Tuberc Respir Dis > Volume 62(5); 2007 > Article
Tuberculosis and Respiratory Diseases 2007;62(5):382-388.
DOI: https://doi.org/10.4046/trd.2007.62.5.382    Published online May 1, 2007.
Cognitive Dysfunction in non-hypoxemic COPD Patients.
Woo Jin Kim, Seon Sook Han, Myoung Ok Park, Seung Joon Lee, Seong Jae Kim, Jung Hie Lee
1Department of Internal Medicine, College of Medicine, Kangwon National University, Chuncheon, Korea.
2Department of Psychiatry, College of Medicine, Kangwon National University, Chuncheon, Korea. jhielee@kangwon.ac.kr
Abstract
BACKGROUND
The cognitive function is impaired in patients with hypoxemic chronic obstructive pulmonary disease (COPD). However, there are conflicting results regarding the cognitive function in patients with non-hypoxemic COPD. COPD patients also have sleep disorders. This study examined the cognitive function in non-hypoxemic COPD patients, and nocturnal sleep was assessed in COPD patients with a cognitive dysfunction. METHODS: Twenty-eight COPD patients (mean age, 70.7 years) with an oxygen saturation > 90%, and 33 healthy control subjects (mean age, 69.5 years) who had visited for a routine check-up were selected. The neurocognitive tests were performed using the Korean version of the Consortium to Establish a Registry for Alzheimer's Disease (CERAD-K) Neuropsychological Battery. RESULTS: The scores of the word list recall test (p=0.03) and the word list recognition test (p=0.006) in the COPD group were significantly lower than those in the control group. Nine patients showed a significantly impaired cognitive function. Seven of these underwent polysomnography, which revealed apnea-hypopnea indices > or = five per hour in five patients. The median oxygen desaturation index and median limb movement index were 3.6/h and 38.6/h, respectively. CONCLUSION: These results suggest that the verbal memory function is impaired in non-hypoxemic COPD patients. Six out of seven COPD patients with an impaired cognitive function had sleep disorders of sleep apnea and/or periodic limb movements during sleep.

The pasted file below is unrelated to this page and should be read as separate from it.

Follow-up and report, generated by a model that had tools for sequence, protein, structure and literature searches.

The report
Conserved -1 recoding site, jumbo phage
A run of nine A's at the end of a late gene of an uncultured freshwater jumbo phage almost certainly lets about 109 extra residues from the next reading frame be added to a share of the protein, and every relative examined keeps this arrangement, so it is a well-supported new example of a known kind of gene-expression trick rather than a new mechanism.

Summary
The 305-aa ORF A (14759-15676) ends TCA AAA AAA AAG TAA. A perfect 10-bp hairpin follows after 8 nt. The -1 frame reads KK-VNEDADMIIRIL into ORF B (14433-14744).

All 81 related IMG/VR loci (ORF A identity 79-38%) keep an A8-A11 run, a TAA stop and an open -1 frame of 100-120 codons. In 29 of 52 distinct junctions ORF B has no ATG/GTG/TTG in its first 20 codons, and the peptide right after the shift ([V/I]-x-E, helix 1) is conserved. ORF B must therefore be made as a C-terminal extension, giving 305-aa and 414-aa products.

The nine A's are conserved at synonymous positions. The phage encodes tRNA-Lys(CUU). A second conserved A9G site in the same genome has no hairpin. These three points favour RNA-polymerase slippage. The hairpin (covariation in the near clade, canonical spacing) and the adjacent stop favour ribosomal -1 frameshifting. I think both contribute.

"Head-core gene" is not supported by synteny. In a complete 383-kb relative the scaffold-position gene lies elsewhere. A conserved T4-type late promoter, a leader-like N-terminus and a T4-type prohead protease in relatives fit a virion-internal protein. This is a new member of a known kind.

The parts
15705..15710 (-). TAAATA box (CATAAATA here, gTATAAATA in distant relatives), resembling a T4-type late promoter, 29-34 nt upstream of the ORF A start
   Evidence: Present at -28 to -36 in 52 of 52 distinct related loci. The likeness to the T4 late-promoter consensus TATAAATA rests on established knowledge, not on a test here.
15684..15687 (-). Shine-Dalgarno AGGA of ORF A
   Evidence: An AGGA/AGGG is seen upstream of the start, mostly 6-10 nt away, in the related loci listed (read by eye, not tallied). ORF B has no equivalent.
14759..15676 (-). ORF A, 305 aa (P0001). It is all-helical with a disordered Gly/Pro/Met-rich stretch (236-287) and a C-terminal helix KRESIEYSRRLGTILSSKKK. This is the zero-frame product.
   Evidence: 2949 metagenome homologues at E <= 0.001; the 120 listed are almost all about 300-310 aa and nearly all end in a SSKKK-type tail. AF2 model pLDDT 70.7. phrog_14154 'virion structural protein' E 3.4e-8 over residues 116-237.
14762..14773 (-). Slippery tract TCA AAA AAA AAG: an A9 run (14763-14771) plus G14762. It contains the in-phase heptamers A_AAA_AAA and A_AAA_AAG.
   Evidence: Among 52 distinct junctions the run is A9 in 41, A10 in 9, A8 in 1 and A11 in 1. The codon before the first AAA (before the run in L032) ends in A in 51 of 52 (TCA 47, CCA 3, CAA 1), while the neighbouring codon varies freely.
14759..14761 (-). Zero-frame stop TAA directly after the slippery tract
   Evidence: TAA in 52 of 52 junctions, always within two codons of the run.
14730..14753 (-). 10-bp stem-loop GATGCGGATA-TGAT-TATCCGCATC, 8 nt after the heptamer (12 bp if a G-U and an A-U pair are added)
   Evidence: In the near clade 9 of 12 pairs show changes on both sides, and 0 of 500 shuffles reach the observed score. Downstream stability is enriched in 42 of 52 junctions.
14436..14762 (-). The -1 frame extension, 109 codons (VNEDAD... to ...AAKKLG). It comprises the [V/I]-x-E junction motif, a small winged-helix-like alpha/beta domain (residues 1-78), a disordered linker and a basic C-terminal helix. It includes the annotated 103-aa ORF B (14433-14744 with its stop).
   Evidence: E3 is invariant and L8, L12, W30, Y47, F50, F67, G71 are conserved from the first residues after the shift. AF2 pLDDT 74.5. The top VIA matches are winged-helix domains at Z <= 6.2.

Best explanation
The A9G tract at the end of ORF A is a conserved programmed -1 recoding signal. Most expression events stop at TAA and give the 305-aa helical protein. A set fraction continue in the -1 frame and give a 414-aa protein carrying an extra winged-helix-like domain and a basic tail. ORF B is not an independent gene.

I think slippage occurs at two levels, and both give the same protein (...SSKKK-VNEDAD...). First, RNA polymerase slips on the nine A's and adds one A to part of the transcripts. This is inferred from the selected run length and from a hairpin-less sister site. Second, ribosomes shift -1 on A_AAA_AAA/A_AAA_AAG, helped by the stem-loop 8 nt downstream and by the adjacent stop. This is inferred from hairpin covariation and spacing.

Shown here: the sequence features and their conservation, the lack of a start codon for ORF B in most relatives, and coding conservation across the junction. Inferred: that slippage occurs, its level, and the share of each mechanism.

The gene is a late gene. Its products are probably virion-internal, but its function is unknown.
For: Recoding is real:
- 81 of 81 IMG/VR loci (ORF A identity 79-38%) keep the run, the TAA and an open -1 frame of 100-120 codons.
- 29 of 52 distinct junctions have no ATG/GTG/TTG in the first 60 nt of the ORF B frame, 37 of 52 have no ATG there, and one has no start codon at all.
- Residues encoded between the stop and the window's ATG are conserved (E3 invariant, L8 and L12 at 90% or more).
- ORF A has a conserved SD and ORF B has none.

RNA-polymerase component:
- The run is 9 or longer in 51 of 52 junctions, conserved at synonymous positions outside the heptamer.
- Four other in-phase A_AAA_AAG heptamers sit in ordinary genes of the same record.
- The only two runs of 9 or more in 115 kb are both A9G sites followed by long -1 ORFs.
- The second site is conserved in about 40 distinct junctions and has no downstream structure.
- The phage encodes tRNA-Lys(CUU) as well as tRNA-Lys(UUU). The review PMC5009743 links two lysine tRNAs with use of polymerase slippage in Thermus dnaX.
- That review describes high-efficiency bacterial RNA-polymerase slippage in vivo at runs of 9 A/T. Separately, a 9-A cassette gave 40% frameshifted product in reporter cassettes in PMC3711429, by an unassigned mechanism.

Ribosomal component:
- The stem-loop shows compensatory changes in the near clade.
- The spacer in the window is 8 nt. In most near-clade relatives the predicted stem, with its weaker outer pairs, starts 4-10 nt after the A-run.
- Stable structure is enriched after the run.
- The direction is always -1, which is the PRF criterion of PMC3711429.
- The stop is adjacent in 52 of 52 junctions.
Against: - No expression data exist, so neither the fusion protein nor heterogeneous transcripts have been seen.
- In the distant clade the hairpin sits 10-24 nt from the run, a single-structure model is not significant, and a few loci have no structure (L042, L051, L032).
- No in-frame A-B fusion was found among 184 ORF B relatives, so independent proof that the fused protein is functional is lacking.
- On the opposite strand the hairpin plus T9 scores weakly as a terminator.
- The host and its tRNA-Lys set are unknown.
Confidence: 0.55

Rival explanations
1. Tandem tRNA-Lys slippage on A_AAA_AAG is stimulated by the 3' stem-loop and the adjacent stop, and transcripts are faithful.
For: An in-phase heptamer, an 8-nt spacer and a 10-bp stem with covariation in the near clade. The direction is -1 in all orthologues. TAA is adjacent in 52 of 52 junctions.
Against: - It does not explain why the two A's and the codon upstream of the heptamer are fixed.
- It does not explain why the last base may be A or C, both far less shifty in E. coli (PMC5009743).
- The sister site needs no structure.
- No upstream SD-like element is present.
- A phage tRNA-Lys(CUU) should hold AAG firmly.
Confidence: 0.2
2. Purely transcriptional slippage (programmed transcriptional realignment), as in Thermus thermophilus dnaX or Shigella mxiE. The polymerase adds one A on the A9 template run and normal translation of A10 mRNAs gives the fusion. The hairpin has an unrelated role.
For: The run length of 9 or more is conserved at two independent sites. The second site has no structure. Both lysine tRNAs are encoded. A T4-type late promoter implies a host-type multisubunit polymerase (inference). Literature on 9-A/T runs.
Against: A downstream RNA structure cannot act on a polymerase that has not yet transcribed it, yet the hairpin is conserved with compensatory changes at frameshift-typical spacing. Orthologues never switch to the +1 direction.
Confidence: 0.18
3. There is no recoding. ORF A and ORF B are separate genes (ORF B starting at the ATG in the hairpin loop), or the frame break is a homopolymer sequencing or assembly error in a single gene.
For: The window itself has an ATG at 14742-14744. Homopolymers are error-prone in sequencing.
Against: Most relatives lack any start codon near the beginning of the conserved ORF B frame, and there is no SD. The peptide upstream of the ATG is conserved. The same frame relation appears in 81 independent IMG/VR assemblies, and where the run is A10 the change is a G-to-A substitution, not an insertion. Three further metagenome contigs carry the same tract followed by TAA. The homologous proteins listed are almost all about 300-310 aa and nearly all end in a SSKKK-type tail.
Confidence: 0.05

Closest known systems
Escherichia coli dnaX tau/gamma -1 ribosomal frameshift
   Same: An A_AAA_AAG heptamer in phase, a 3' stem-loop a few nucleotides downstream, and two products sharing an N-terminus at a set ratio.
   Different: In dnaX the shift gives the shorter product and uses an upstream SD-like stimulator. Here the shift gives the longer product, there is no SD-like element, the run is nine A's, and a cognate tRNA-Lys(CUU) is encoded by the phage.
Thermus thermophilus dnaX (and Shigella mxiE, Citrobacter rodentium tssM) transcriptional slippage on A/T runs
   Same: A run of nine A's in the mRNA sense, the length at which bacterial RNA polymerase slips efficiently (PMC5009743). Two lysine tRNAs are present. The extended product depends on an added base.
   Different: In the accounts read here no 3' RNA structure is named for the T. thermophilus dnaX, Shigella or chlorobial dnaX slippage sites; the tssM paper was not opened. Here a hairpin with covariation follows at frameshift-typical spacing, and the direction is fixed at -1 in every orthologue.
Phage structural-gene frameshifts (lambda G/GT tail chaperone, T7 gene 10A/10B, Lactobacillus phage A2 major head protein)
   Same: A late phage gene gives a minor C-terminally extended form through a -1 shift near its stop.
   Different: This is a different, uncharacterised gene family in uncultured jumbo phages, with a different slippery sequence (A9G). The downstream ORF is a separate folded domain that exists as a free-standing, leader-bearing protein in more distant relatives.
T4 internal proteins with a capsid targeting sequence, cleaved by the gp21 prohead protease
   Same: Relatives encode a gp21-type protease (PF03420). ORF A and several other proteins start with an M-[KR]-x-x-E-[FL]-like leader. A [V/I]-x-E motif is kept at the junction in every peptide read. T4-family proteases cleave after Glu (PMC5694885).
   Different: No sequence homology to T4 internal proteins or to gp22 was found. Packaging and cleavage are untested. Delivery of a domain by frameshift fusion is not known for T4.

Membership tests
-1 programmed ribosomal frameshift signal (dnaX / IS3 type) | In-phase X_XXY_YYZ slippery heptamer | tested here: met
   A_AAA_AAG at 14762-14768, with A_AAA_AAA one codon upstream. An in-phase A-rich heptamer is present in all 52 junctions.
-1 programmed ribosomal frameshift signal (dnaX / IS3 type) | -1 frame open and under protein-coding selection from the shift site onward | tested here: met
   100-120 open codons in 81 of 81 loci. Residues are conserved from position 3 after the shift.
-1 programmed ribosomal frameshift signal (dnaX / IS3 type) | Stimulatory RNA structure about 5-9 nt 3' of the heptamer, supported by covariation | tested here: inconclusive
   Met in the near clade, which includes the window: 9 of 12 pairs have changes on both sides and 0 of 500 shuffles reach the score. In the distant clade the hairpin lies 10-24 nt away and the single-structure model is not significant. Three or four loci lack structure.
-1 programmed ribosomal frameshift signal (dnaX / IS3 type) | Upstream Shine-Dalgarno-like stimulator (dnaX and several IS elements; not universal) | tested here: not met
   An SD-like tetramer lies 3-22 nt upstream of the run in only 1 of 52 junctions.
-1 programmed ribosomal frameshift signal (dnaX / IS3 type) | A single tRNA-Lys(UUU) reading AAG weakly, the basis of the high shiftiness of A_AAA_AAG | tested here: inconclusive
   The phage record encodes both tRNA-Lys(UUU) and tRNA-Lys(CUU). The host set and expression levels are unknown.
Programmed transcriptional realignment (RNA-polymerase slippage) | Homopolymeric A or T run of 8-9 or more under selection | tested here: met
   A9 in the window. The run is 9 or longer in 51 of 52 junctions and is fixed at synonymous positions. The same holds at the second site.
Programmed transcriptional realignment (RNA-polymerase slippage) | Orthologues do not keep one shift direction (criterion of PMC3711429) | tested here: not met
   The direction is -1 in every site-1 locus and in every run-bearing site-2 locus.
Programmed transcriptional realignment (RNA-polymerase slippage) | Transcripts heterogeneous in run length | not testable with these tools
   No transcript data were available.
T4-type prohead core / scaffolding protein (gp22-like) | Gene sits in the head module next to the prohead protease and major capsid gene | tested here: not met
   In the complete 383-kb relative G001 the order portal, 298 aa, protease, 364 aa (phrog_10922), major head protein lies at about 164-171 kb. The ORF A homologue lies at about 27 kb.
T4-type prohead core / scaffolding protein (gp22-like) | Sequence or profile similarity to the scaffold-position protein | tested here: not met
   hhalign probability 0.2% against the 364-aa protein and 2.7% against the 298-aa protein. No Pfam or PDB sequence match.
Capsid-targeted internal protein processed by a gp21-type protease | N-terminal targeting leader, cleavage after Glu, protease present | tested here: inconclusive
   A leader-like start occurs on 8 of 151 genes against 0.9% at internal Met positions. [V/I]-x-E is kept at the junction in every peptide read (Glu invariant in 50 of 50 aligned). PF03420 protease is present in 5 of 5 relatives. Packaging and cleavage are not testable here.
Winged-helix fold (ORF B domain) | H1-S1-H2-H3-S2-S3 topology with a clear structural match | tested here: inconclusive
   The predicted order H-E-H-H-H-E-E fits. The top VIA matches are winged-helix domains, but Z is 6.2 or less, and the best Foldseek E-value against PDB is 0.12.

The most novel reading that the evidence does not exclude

Key Words: Chronic obstructive pulmonary disease, Cognitive function, Sleep disorders
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